If you woke up one day and set out to identify your customers most likely to cancel your service, how would you begin? If youre like me, youd look for negative events along the customer journey that might correlate to a future cancellation. In fact, I once took on such a project and employed this strategy.
And I was pretty darn wrong. For instance, I assumed that support calls would eventually lead to attrition if the customer was experiencing pain with the product experience. In reality, a customer who issues ten support calls each week and calls his/her salesperson once a week to gripe about the product, the service or the company is quite engaged. By and large, that type of customer cares deeply about the product and is willing to invest the time to input support tickets or call their sales rep nine times a day to talk product roadmap.
Conversely, the real threats to attrition among your customer base are the customers making no sound at all. Those are the customers that require your attention. What if the power user left the company? What if the customer is blocked for a technical reason? Perhaps the customer was never properly onboarded? Worst of all, what if theyre working with a competitor? The lack of data doesnt tell the whole story, but it tells you that there is a story going on that you dont know about.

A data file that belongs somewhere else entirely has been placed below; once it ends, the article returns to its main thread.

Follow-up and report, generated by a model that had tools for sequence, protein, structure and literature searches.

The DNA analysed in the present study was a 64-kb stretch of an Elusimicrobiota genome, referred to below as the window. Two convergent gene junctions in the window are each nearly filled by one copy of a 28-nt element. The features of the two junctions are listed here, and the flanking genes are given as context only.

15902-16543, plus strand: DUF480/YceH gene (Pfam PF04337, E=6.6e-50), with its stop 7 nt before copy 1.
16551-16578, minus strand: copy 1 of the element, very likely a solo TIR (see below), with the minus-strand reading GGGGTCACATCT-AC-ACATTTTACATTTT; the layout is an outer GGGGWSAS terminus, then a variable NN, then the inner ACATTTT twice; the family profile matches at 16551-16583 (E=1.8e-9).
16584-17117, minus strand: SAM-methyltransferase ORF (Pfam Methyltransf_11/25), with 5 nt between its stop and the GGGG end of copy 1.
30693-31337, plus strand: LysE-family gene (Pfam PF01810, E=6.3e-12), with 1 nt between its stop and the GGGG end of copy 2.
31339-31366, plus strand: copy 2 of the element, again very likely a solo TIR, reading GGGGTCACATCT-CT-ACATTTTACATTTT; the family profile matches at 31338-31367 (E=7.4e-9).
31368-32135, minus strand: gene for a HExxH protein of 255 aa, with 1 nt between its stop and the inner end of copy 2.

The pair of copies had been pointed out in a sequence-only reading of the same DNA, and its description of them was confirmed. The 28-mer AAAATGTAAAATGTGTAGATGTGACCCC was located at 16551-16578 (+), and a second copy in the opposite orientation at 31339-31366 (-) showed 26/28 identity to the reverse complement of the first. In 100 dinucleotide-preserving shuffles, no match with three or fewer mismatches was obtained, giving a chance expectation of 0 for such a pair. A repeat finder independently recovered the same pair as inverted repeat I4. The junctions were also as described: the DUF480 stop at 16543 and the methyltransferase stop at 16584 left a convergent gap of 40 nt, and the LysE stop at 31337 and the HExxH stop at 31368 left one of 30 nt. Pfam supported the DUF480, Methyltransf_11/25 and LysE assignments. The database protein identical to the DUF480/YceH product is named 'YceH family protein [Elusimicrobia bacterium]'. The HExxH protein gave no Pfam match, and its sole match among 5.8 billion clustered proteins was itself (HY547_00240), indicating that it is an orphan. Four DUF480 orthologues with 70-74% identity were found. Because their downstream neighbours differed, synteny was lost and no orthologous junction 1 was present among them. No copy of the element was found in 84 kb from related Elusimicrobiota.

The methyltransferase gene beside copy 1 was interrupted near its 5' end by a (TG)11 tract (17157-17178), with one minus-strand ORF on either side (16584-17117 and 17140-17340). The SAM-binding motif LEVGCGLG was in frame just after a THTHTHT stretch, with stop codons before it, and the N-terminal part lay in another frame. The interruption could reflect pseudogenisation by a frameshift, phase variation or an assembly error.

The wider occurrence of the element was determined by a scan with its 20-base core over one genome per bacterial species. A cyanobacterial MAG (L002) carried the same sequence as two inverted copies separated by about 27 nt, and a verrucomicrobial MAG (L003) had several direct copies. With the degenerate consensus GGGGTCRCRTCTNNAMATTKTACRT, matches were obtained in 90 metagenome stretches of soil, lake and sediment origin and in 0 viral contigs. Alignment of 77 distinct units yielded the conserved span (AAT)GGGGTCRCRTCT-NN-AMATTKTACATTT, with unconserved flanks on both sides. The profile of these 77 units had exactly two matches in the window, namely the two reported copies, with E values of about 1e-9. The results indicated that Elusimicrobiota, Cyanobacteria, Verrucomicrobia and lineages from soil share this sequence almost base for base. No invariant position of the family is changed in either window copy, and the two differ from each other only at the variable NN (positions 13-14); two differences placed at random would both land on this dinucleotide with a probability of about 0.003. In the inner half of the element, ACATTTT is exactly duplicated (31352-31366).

Journey mapping should be as much about tracking product usage as it is marketing and sales touchpoints. Look for trends around usage and compare that against benchmarks in order to track those customers and reach out. A good place to start is tracking the number of product events across the customer user base and the duration between those events.
Armed with the right data, different steps can be employed: account management outreach, remarketing efforts, customer success engagement or partner introductions. Re-engaging with those whove fallen off the beaten path means getting current customers to fall in love with the mission of your company all over again.